Tel Aviv University and Google launch ‘AI for Social Good’
A worldwide project for the precise forecasting of floods. A technology that allows the hearing impaired to conduct telephone conversations. Studies on the use of artificial intelligence (AI) to improve disease diagnosis.
These are just a few of the projects Google Israel has started to make the world a better place through AI. From now on, these projects have an official seat: the “AI for Social Good” program set up by Google and Tel Aviv University.
The new three-year program, hosted at the TAU Center for Artificial Intelligence and Data Science, was launched in February under the leadership of Professor Meir Feder of TAU’s Iby Engineering Faculty and Aladar Fleischman.
Ten laureates (out of 27 who responded to a joint call for proposals) tackle disciplines such as zoology, electrical engineering, economics, statistics, communication disorders, biblical studies, earth sciences, computer science, sociology and anthropology.
“We believe that AI researchers can benefit significantly from collaborations with researchers in the social and human sciences, just as the latter benefit from new developments in AI,” says TAU President Professor Ariel Porat.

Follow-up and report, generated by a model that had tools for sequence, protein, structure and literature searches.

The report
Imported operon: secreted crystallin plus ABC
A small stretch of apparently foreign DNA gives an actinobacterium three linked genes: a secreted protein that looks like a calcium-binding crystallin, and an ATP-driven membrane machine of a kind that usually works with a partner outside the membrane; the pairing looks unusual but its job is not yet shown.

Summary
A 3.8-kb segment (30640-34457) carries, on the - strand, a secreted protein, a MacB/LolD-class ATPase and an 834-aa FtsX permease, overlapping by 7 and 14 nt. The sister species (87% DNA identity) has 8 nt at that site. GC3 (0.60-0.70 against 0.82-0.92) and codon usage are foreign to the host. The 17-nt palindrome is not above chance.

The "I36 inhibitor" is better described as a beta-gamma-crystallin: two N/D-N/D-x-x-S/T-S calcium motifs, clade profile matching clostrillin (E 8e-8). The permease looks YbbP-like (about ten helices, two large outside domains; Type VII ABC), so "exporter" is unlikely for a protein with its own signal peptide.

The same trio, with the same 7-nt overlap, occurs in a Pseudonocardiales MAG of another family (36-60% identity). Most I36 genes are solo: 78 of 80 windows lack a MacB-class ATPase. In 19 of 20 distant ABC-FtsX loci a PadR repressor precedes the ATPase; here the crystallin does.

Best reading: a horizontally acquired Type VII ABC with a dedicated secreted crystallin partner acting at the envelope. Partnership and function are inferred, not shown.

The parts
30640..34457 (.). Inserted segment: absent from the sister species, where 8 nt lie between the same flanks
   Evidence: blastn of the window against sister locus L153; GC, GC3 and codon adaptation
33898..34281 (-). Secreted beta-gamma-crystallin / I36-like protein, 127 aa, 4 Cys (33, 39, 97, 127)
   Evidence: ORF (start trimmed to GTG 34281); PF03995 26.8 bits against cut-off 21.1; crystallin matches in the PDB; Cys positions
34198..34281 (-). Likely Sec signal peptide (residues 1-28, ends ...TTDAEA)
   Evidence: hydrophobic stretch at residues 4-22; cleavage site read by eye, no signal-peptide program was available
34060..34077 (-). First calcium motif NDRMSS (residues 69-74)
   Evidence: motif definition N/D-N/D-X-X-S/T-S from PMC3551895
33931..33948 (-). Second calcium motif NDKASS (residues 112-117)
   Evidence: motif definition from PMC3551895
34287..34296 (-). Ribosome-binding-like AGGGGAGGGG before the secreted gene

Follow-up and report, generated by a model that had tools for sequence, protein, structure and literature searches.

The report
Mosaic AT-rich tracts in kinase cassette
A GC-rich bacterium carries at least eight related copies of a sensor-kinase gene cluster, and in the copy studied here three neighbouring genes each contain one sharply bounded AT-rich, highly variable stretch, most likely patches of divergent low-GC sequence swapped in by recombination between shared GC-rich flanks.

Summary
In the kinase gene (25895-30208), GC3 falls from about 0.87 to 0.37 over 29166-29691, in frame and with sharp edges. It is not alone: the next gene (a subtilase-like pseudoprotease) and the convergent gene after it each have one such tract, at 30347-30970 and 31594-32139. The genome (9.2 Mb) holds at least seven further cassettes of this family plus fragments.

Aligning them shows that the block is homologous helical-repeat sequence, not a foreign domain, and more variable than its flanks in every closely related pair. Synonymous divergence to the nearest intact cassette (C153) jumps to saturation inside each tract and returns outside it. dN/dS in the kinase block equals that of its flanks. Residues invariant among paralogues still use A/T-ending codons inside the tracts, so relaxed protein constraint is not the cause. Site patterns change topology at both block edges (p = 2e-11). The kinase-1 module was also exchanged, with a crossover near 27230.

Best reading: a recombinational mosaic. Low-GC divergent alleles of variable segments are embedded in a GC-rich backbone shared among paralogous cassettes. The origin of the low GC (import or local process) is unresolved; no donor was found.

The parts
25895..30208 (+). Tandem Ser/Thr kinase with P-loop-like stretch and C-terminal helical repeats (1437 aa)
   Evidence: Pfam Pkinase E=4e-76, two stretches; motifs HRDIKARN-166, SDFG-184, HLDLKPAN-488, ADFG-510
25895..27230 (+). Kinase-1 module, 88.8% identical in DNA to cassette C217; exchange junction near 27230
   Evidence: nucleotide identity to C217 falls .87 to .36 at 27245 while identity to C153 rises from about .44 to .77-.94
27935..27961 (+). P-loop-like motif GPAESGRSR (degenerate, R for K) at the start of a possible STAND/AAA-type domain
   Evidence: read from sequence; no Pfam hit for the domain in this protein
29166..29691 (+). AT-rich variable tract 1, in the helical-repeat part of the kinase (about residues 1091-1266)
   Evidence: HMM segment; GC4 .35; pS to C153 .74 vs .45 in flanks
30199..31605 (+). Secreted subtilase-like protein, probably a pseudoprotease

Professor Yossi Matias, general manager of the Google Center in Israel, notes that AI technologies have already dramatically improved our lives.
“There are deep and fascinating research questions associated with AI in many different disciplines, which creates substantial opportunities for collaboration,” he says. “Good things happen when different ideas and different approaches come together. We are excited about this opportunity to harness the power of AI for social good and for science. “
Feder stressed that “the AI revolution is expected to impact all aspects of our lives, from drug development and data-driven personalized medicine, to defense systems, to financial systems, to scientific discovery, robotics, autonomous systems and social issues. ”
Google will also provide basic AI training for every TAU student, adds Feder. The university has some 30,000 students, including 2,100 international students from over 100 countries.